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A simple gem to manage your Rails API routing endpoints.

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  • Rails 5.0+
  • Ruby 2.2+

api-versions is a Gem to help you manage your Rails API endpoints.

api-versions is very lightweight. It adds a generator and only one method to the Rails route mapper.

It helps you in three ways:
  • Provides a DSL for versioning your API in your routes file, favoring client headers vs changing the resource URLs.
  • Provides methods to cache and retrieve resources in your routes file to keep it from getting cluttered
  • Provides a generator to bump your API controllers to the next version, while inheriting the previous version.

See below for more details on each of these topics

Assumptions api-versions makes:

  • You want the client to use headers to specify the API version instead of changing the URL. (
    header of
    for example)
  • You specify your API version in whole integers. v1, v2, v3, etc. If you need semantic versioning for an API you're likely making too many backwards incompatible changes. API versions should not change all that often.
  • Your API controllers will live under the
    directory. For example


In your Gemfile:

gem "api-versions", "~> 1.0"

Versions are specified by header, not by URL

A lot of APIs are versioned by changing the URL.
for example. But is someresource different from version 1 to version 2? It is likely the same resource, it is simply the interface that is changing. api-versions prefers the URLs stay the same. `
need not ever change (so long as the resource exists). The client specifies how it wants to interface with
this resource with the
header. So if the client wants version 2 of the API, the
header might look like this:
application/vnd.myvendor+json;version=2`. A complete example is below.


api-versions provides a (very) lightweight DSL for your routes file. Everything having to do with your routes API lives in the api block. This DSL helps you version your API as well as providing a caching mechanism to prevent the need of copy/pasting the same resources into new versions of the API.

For example:

In your routes.rb file:

  # You can leave default_version out, but if you do the first version used will become the default
  api vendor_string: "myvendor", default_version: 1 do
    version 1 do
      cache as: 'v1' do
        resources :authorizations

version 2 do
  inherit from: 'v1'


rake routes
api_authorizations      GET    /api/authorizations(.:format)          api/v1/authorizations#index
                        POST   /api/authorizations(.:format)          api/v1/authorizations#create
new_api_authorization   GET    /api/authorizations/new(.:format)      api/v1/authorizations#new
edit_api_authorization  GET    /api/authorizations/:id/edit(.:format) api/v1/authorizations#edit
 api_authorization      GET    /api/authorizations/:id(.:format)      api/v1/authorizations#show
                        PUT    /api/authorizations/:id(.:format)      api/v1/authorizations#update
                        DELETE /api/authorizations/:id(.:format)      api/v1/authorizations#destroy
                        GET    /api/authorizations(.:format)          api/v2/authorizations#index
                        POST   /api/authorizations(.:format)          api/v2/authorizations#create
                        GET    /api/authorizations/new(.:format)      api/v2/authorizations#new
                        GET    /api/authorizations/:id/edit(.:format) api/v2/authorizations#edit
                        GET    /api/authorizations/:id(.:format)      api/v2/authorizations#show
                        PUT    /api/authorizations/:id(.:format)      api/v2/authorizations#update
                        DELETE /api/authorizations/:id(.:format)      api/v2/authorizations#destroy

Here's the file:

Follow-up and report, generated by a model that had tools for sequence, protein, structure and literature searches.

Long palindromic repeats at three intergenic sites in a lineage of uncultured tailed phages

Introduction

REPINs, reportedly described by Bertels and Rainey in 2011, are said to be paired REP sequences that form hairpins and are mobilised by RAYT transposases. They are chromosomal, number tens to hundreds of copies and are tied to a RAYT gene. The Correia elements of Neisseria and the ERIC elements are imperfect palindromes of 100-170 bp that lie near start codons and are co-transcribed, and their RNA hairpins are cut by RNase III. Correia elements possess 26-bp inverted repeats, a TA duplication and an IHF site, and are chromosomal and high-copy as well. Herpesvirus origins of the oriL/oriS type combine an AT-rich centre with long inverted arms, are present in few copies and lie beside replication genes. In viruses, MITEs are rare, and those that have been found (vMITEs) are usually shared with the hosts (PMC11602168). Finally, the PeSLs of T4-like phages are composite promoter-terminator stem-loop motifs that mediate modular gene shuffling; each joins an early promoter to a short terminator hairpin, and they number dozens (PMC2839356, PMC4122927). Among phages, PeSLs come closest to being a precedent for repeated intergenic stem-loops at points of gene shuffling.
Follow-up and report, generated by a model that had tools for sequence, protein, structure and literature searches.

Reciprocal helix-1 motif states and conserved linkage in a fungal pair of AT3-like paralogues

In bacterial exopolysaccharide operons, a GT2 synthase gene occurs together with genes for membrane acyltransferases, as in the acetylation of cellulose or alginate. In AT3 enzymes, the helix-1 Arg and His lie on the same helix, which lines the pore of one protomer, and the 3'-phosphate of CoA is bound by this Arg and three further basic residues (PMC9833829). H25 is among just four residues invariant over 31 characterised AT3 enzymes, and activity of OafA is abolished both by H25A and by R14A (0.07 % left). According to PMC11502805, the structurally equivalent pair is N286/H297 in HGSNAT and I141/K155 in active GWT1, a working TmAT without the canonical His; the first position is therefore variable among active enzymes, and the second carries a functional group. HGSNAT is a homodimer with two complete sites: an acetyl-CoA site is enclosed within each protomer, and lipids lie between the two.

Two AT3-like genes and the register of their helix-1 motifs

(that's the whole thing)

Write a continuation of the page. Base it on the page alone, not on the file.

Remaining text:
Then the client simply sets the Accept header

. If no version is specified, the default version you set will be assumed. You'll of course still need to copy all of your controllers over (or bump them automatically, see below), even if they haven't changed from version to version. At least you'll remove a bit of the mess in your routes file.

A more complicated example:

  api vendor_string: "myvendor", default_version: 1 do
    version 1 do
      cache as: 'v1' do
        resources :authorizations, only: :create
        resources :foo
        resources :bar

version 2 do
  cache as: 'v2' do
    inherit from: 'v1'
    resources :my_new_resource

# V3 has everything in V2, and everything in V1 as well by virtue of V1 being cached in V2.
version 3 do
  inherit from: 'v2'


And finally

rake routes
api_authorizations        POST   /api/authorizations(.:format)           api/v1/authorizations#create
            api_foo_index GET    /api/foo(.:format)                      api/v1/foo#index
                          POST   /api/foo(.:format)                      api/v1/foo#create
              new_api_foo GET    /api/foo/new(.:format)                  api/v1/foo#new
             edit_api_foo GET    /api/foo/:id/edit(.:format)             api/v1/foo#edit
                  api_foo GET    /api/foo/:id(.:format)                  api/v1/foo#show
                          PUT    /api/foo/:id(.:format)                  api/v1/foo#update
                          DELETE /api/foo/:id(.:format)                  api/v1/foo#destroy
            api_bar_index GET    /api/bar(.:format)                      api/v1/bar#index
                          POST   /api/bar(.:format)                      api/v1/bar#create
              new_api_bar GET    /api/bar/new(.:format)                  api/v1/bar#new
             edit_api_bar GET    /api/bar/:id/edit(.:format)             api/v1/bar#edit
                  api_bar GET    /api/bar/:id(.:format)                  api/v1/bar#show
                          PUT    /api/bar/:id(.:format)                  api/v1/bar#update
                          DELETE /api/bar/:id(.:format)                  api/v1/bar#destroy
                          POST   /api/authorizations(.:format)           api/v2/authorizations#create
                          GET    /api/foo(.:format)                      api/v2/foo#index
                          POST   /api/foo(.:format)                      api/v2/foo#create
                          GET    /api/foo/new(.:format)                  api/v2/foo#new
                          GET    /api/foo/:id/edit(.:format)             api/v2/foo#edit
                          GET    /api/foo/:id(.:format)                  api/v2/foo#show